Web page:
Tokyo stocks tumbled Monday, with the Nikkei 225 index logging its biggest point loss since Dec. 25 on rekindled concerns over the global economy following the release of sluggish U.S. and European economic data.
Investors ditched shares and fled to the safety of bonds as risk assets fell out of favor on growing fears of a U.S. recession, sending global yields plunging.
The Nikkei ended the day 650.23 points, or 3.01 percent, lower at 20,977.11, its lowest close since Feb. 15. The broader Topix, which covers all first section issues on the Tokyo Stock Exchange, finished 39.70 points, or 2.45 percent, in the red at 1,577.41.
Every industry category in the main section lost ground, led by oil and coal product, nonferrous metal and machinery issues.
Tracking slumps in U.S. and European shares late last week, Tokyo stocks opened sharply lower and later extended their losses to fall below the 21,000 threshold. The Nikkei briefly lost over 700 points.
The day’s fall was the largest for the Nikkei since Dec. 25, when it closed 1,010.45 points lower.
“Investors turned risk-off following a series of economic data,” said Akira Tanoue, a senior strategist in the investment research department at Nomura Securities Co. “Concerns about the global economic recession are emerging.”
Manufacturing output data from Germany came in weaker than expected, while measurements of manufacturing and services activities in the United States showed sluggishness.
Makoto Sengoku, a market analyst at the Tokai Tokyo Research Institute, said the market “overreacted” to the overseas data and economic growth would not weaken sharply.
In the first section, declining issues outnumbered advancers 2,014 to 104, with 22 ending the day unchanged.
Nikkei heavyweight SoftBank Group Corp., which invests heavily in global startup technology companies, slid ¥565, or 5.0 percent, to ¥10,705.
Construction machinery company Komatsu Ltd. declined ¥110.50, or 4.1 percent, to ¥2,554.50, and factory automation equipment firm Fanuc sank ¥750, or 3.8 percent, to ¥18,800.
Trading volume on the main section fell to 1.33 billion shares from Friday’s 1.37 billion.
As the sell-off that struck the U.S. and Europe on Friday ripped through Asian stock markets, investors said more pain is yet to come.
Indexes in Australia, Hong Kong and China also tumbled Monday. The moves came after U.S. shares notched their worst day in 11 weeks on Friday as a gauge of Treasuries inverted and data from Europe renewed fears about global growth.
U.S. 10-year treasury yields were 1.9 basis points below three-month rates after yields inverted for the first time since 2007 on Friday. Historically, an inverted yield curve — where long-term rates fall below short-term — has signaled an upcoming recession.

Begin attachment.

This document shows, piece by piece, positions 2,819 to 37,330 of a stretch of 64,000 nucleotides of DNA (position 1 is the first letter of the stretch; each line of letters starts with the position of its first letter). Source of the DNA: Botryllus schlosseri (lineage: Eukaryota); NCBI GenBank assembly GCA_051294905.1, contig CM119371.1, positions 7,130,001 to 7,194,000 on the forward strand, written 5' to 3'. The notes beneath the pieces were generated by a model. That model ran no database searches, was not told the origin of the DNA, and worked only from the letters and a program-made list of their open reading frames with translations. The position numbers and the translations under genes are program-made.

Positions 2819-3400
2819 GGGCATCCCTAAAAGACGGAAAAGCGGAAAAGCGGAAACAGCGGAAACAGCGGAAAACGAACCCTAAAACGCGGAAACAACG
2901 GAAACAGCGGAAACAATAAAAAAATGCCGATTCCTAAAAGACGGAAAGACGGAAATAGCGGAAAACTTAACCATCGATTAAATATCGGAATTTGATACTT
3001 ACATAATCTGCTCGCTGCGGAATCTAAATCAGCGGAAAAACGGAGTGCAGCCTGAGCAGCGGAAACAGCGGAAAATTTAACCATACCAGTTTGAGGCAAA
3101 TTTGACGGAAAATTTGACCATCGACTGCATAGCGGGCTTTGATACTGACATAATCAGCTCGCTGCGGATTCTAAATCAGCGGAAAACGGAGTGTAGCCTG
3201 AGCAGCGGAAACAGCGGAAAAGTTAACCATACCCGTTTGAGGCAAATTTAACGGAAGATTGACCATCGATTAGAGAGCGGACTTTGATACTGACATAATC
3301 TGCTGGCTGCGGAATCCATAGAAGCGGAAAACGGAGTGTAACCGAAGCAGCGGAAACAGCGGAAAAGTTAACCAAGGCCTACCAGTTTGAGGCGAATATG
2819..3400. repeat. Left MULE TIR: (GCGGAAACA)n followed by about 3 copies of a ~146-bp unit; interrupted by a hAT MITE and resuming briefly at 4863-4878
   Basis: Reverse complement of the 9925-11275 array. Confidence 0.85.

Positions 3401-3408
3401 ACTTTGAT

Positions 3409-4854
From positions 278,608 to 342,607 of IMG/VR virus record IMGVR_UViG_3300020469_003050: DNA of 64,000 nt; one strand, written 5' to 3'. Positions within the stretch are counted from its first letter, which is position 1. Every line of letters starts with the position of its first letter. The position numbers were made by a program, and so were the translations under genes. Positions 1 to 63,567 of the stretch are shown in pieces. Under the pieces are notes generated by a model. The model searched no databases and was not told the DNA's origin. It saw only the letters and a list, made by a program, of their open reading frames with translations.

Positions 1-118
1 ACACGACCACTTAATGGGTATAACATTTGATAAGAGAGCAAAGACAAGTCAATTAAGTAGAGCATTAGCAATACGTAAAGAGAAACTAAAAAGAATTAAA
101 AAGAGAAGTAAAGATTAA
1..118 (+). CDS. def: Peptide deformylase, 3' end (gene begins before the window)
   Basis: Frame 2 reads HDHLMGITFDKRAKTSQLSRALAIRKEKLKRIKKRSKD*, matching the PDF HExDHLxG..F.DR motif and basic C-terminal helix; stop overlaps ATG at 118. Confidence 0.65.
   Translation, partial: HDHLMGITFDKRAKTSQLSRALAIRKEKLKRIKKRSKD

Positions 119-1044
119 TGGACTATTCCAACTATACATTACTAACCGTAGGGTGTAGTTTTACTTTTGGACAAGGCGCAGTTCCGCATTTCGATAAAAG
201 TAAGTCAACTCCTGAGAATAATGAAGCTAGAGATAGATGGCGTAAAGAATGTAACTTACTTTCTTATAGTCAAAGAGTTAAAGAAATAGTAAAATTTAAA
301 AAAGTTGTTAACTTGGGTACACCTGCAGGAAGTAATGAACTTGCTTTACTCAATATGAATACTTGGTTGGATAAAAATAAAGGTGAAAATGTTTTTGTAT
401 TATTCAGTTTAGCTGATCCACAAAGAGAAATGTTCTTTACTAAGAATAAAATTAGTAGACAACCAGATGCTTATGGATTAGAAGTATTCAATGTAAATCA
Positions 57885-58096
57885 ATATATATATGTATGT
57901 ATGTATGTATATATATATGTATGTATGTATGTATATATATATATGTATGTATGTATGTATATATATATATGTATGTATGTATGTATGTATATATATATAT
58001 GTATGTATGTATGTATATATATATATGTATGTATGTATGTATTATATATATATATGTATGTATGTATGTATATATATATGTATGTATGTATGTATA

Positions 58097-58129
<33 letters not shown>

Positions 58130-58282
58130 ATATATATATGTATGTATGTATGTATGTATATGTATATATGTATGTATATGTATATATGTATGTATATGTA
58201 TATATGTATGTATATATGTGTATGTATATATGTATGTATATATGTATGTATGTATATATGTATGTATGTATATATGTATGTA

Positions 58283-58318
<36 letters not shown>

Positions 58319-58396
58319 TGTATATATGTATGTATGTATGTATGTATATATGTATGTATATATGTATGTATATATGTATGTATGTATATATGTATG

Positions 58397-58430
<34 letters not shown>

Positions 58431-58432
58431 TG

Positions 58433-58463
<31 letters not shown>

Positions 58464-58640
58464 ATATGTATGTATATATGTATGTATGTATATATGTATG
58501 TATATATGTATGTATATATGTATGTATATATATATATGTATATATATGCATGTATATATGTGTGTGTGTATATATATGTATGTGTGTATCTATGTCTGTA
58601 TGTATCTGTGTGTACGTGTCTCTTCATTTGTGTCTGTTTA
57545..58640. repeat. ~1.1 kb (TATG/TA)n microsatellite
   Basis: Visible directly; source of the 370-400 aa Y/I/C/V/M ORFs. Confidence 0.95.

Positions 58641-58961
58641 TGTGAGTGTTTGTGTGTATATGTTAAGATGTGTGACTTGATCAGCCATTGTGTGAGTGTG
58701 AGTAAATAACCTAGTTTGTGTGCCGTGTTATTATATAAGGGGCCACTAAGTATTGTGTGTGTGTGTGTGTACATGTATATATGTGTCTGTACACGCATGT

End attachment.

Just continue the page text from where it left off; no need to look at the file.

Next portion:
After almost three months of optimism surrounding U.S.-China trade talks and dovish central bank messaging spurred the best start to a year for global equities in two decades, investors have shifted focus and are starting to react to bad omens for the economy.
“The market had gone too far in pricing in good news,” said Nader Naeimi, head of dynamic markets at AMP Capital Investors Ltd. in Sydney. “It was just a matter of time. This is going to be the start of a multiweek correction in markets.”
Despite a surprisingly dovish stance by the Federal Reserve last week, the S&P 500 Index lost about 0.8 percent for the week as the yield on 10-year Treasuries, already at a 14-month low, extended its decline.
“Historically a ‘dovish’ Fed is not necessarily a good sign, as it announces that an economic downturn is on the way,” said Eleanor Creagh, Sydney-based market strategist at Saxo Capital Markets (Australia). “And the bottom line is growth is slowing,” she said.
“We are reaching that point where the weakening fundamentals are catching up with the equity market, the equity market has been buoyed by buybacks and is waking up to the fact that the Fed is not raising rates because the U.S. economy needs support and is weak as we approach the buyback blackout period,” Creagh said.
With less than a week left in the first quarter, some investors may be taking money off the table, according to Kerry Craig, the Melbourne-based global market strategist at JPMorgan Asset Management. “After such a strong quarter, profit-taking shouldn’t be unexpected.”
Naeimi isn’t alone in his view that global stock markets could be headed for a correction.
“If the market did correct 10 percent, I wouldn’t be surprised,” said JPMorgan’s Craig. “I’m not sure it’s the start of it, but I don’t see a huge amount to support for the market.”
Still, not everyone is pessimistic. While a short downturn in global markets is possible, Bryan Goh, executive director and chief investment officer for Singapore at Bordier & Cie, said it probably won’t last.
“As long as central banks have our back, there’s no serious problem,” Goh said. “The global slowdown isn’t a surprise, so markets are prepared.”
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